Using DNA tests, scientists have confirmed the authenticity of a morbid souvenir: bloodstained leaves that were taken from the death site of Belgium’s King Albert I more than 80 years ago.
The results of the new study might help put to bed some conspiracy theories that claim Albert was the victim of murder, not a climbing accident.
Albert, who ruled from 1909 until his death, was celebrated for his role in World War I, as he refused to let German troops through Belgium to attack France. An avid mountaineer, he died on Feb. 17, 1934, when he was climbing alone near the village of Marche-les-Dames, southeast of Brussels. His body was found on a rock at the foot of a cliff.
The king’s death, at age 58, came as a shock for the public. People flocked to Marche-les-Dames to pay their respects —and to take part in the spectacle, according to news reports. An Associated Press report from Feb. 26, 1934, said the rock where Albert fell to his death had to be surrounded by barbed wire to protect it from “the depredations of thousands of curious visitors.” The site had become such an attraction that it was being “plucked bare of stones, leaves, branches and everything else removable by souvenir hunters.”
A journalist bought one of those supposed relics, a set of bloodstained tree leaves, at auction in 2013. That journalist then teamed up with scientists for an investigation. The researchers were able to find two of Albert’s living relatives who agreed to help confirm the authenticity of the bloody leaves: King Simeon II, the last tsar and former prime minister of Bulgaria, and a German baroness named Anna Maria Freifrau von Haxthausen.
“They gave up DNA samples that we compared with the DNA of the trails of blood,” the leader of the study, forensic geneticist Maarten Larmuseau of the University of Leuven in Belgium, said in a statement. “We found that the blood is indeed that of Albert I.”
End of conspiracy theories?
Rumors had cropped up about the circumstances surrounding King Albert’s death, suggesting that the king had committed suicide or was the victim of a politically motivated murder.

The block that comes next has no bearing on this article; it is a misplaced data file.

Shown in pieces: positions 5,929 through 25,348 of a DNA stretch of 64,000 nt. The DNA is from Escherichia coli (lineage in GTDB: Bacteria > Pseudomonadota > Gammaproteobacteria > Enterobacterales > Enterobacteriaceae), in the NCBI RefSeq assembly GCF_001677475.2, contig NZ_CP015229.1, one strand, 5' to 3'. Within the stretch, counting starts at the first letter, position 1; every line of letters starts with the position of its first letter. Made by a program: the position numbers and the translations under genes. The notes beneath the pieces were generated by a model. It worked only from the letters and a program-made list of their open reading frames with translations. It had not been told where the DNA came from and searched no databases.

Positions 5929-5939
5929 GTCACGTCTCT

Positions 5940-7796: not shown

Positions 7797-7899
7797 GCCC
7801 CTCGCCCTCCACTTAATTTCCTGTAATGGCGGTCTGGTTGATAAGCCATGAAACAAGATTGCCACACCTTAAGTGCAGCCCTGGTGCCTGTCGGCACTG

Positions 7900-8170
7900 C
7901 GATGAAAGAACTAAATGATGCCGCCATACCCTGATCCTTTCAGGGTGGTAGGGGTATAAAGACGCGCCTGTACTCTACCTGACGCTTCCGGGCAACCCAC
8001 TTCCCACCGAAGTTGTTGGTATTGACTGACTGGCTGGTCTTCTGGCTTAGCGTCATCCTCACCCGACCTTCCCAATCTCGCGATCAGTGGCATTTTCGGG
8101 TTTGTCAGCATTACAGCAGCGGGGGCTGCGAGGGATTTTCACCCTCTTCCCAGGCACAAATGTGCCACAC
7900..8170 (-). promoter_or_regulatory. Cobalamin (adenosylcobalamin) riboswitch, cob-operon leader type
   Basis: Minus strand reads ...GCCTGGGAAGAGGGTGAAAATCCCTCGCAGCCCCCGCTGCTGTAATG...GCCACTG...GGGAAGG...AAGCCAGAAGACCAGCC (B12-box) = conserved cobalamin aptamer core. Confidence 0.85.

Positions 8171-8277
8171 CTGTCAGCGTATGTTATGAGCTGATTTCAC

Even some public figures advanced these conspiracy theories: among them, British military officer Graham Seton Hutchison, an avowed fascist who came to sympathize with the Germans after World War I and to praise Adolf Hitler. Seton Hutchison, as quoted by The New York Times in May of 1934, claimed the story of Albert’s death was “the biggest piece of spoof put over on the world,” implying that the king was murdered because he actually wanted no part in the “devilry of France in conspiring for war against the defenseless Germans.”
Since there were no eyewitnesses to the king’s death, many of the conspiracy theories hinged on the idea that Albert’s body was never even at Marche-les-Dames, or that someone placed the body there after the king was killed by a blow to the head. So the positive identification of blood on leaves from the site helps add credence to the official account of Albert’s death.
“Eighty years after the fact, everyone involved has passed away, and most material is gone. We will probably never be able to dismiss all speculations concerning this ‘cold case,'”Larmuseau said in the statement. “The story that the dead body of the king has never been in Marche-les-Dames or was only placed there at night has now become very improbable. Furthermore, the results show that conducting a perfect legal investigation at the time was impossible right from the start, because souvenir hunters had disturbed the scene.”
The researchers said they wanted to protect the privacy of everyone involved in the study. Therefore, they had independent experts check the genetic profiles, but did not publish any of that sensitive personal DNA information.
Strangely enough, this isn’t the first time DNA tests have confirmed a death relic of a monarch. Three years ago, scientists found that a decorative gourd really did contain the dried blood of France’s King Louis XVI.
The new findings will be published in the journal Forensic Science International: Genetics.